Remembering the strides the 2013 Women's Euros made, as the 2017 tournament approaches

Remembering the strides the 2013 Women's Euros made, as the 2017 tournament approaches

Author

Gaby Kirschner
Gaby Kirschner

The Women’s Euros, heading into the 12th iteration of the tournament in less than a month, have come a long way since just four teams participated in the first games in 1984. This year will have a few exciting developments, including a fourth expansion from 12 to 16 teams and a bidding war over broadcasting rights in England, but the last cycle of the tournament saw a hefty amount of growth in and of itself.

The 2013 Women’s Euros, hosted in Sweden, saw the first fan zones in European women’s tournaments, shattered attendance records, and broadcasting milestones.

Fan zones have been a staple of the men’s Euros for years, providing as incredible an atmosphere outside the stadiums as inside them.

And finally, they were introduced for the women’s game. In 2013 there were zones in all seven Swedish host cities, which ended up catering to 250,000 fans — just 50,000 fewer than were in the stadiums. Swedish FA commercial and host city manager Maria af Geijerstam called them the most successful part of the tournament: “They created a new, great feeling for the whole period, not only when the matches were played. You could see the matches there, of course, but with the excellent weather that we had, it made a second venue for the cities.”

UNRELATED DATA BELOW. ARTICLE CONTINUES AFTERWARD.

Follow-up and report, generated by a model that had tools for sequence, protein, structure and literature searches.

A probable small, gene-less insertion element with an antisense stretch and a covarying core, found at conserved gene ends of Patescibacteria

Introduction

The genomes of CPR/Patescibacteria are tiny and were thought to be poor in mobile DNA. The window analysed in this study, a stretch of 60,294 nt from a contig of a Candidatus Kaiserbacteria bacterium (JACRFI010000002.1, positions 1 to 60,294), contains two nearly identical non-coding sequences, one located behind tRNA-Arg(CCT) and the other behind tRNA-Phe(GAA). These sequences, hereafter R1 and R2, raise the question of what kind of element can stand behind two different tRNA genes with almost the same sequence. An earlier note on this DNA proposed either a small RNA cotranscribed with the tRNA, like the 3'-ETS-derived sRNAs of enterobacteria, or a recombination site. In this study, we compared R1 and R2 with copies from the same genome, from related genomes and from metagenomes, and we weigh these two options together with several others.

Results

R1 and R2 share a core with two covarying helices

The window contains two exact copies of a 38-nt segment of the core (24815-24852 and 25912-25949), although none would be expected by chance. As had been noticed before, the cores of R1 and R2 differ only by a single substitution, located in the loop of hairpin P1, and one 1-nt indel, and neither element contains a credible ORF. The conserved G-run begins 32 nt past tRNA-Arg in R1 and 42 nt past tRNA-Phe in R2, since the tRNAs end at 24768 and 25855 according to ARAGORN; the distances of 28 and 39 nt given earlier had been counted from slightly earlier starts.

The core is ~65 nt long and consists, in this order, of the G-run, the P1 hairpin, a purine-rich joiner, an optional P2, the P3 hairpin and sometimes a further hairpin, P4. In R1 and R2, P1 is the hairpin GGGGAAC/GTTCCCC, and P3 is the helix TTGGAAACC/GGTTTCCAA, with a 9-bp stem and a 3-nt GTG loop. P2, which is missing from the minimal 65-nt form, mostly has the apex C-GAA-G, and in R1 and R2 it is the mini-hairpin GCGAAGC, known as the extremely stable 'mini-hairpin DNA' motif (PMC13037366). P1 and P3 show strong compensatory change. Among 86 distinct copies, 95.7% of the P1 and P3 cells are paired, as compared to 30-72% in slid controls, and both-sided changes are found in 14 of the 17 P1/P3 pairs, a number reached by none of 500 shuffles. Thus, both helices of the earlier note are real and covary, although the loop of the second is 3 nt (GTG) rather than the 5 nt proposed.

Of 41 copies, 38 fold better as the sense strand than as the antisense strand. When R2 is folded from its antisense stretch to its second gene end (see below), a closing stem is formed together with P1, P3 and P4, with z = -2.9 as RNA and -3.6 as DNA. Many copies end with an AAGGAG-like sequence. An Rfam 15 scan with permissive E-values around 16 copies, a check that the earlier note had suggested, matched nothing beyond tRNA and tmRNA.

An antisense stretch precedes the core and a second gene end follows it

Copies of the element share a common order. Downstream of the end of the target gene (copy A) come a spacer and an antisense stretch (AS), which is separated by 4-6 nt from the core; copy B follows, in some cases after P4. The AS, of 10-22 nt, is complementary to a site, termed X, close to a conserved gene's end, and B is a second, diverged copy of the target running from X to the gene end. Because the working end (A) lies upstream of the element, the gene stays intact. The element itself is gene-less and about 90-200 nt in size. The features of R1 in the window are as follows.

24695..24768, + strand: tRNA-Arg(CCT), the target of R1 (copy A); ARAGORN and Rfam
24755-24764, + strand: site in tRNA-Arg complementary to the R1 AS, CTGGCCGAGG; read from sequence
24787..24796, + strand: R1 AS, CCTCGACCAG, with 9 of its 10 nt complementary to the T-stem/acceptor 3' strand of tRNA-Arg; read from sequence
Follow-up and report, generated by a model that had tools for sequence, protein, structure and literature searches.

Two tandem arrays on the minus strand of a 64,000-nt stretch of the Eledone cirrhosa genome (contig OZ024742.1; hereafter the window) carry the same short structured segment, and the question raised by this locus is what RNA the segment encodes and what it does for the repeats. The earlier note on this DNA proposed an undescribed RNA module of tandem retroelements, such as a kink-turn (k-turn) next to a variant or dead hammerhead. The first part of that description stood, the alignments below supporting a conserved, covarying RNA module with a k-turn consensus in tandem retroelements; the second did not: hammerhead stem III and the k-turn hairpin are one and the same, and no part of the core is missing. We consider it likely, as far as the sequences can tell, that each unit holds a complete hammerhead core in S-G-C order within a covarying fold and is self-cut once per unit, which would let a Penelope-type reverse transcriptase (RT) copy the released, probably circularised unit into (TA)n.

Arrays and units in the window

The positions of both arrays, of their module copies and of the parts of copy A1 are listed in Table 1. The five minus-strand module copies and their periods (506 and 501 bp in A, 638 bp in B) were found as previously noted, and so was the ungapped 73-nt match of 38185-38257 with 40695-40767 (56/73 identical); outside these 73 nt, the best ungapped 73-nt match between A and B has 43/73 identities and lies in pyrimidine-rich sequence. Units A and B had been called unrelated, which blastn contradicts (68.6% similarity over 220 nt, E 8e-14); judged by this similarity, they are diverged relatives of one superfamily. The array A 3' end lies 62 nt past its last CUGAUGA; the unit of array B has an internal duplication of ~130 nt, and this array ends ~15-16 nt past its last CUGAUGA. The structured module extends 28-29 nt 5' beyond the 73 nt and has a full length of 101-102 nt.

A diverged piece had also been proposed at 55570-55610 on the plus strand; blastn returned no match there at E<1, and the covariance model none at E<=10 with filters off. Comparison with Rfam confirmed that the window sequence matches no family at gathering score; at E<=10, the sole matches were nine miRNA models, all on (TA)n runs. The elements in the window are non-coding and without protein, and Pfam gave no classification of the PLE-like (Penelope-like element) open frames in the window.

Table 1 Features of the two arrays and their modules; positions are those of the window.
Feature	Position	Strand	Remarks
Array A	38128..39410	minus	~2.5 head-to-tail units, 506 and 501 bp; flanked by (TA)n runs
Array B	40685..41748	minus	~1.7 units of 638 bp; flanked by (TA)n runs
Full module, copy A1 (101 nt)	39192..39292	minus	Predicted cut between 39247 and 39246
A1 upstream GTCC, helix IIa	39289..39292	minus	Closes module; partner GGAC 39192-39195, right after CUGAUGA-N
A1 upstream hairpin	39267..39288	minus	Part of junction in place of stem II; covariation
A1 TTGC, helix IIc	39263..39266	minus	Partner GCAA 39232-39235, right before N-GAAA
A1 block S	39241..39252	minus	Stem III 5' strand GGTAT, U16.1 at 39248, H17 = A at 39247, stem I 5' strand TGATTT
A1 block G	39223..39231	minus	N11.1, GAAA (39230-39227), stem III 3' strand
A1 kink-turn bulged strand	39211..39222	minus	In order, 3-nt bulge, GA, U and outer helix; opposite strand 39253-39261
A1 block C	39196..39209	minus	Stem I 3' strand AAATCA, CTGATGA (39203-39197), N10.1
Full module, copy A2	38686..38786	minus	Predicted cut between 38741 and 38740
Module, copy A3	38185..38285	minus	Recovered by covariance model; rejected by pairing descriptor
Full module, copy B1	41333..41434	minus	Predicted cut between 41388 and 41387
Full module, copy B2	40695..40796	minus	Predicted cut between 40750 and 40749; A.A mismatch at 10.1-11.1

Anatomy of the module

There was progress inside the stadiums, too. Attendance records were broken across the country; a record number for a women’s Euro attended the final at the Friends Arena (41,301), a new average attendance record was set (8,676), and there was the highest aggregate attendance of any women’s Euro (216,888) by over 86,000 people. The 2009 Euros, in comparison, maxed out at a total attendance of 129,000.

And those not in the stadiums? They broke records, too — both those showing and those viewing.

Eurosport became the first broadcaster to sign up as a women’s Euro sponsor and broadcast all 25 matches live. In England, BBC broadcasted every England match for the first time, with supplemental radio coverage, as well as 16 matches in total. (This year, England matches will be on Channel 4, the first time they will feature live international sport. Between varying coverage that reached 6 continents, 133 million viewers tuned in for the tournament — more than double that of the previous one — with 15.9 alone tuning in for the final between Germany and Norway.

One thing, however, did not change during the 2013 Women’s Euros: the winner. Anja Mittag’s only goal of the tournament, in the 49th minute of the final against Norway, was enough to propel Germany to their 6th straight and 8th overall European victory. (They actually won all three of their knockout stage matches by only one goal, after scoring three in one and none in two of the group stage.) They’ll be heading into this summer’s Euros ranked #2 in the world, only slightly behind the U.S., so it wouldn’t be surprising to see them lift the trophy yet again — but they’d have to get past a 3rd-ranked France team that hasn’t lost a single match this year and is stacked with players from Champions League finalists Lyon and PSG.

Attendance is likely to keep growing, as the trend across women’s football generally implies, and broadcast abilities will continue to increase; whether a team besides Germany will take home the trophy, though, is yet to be seen.

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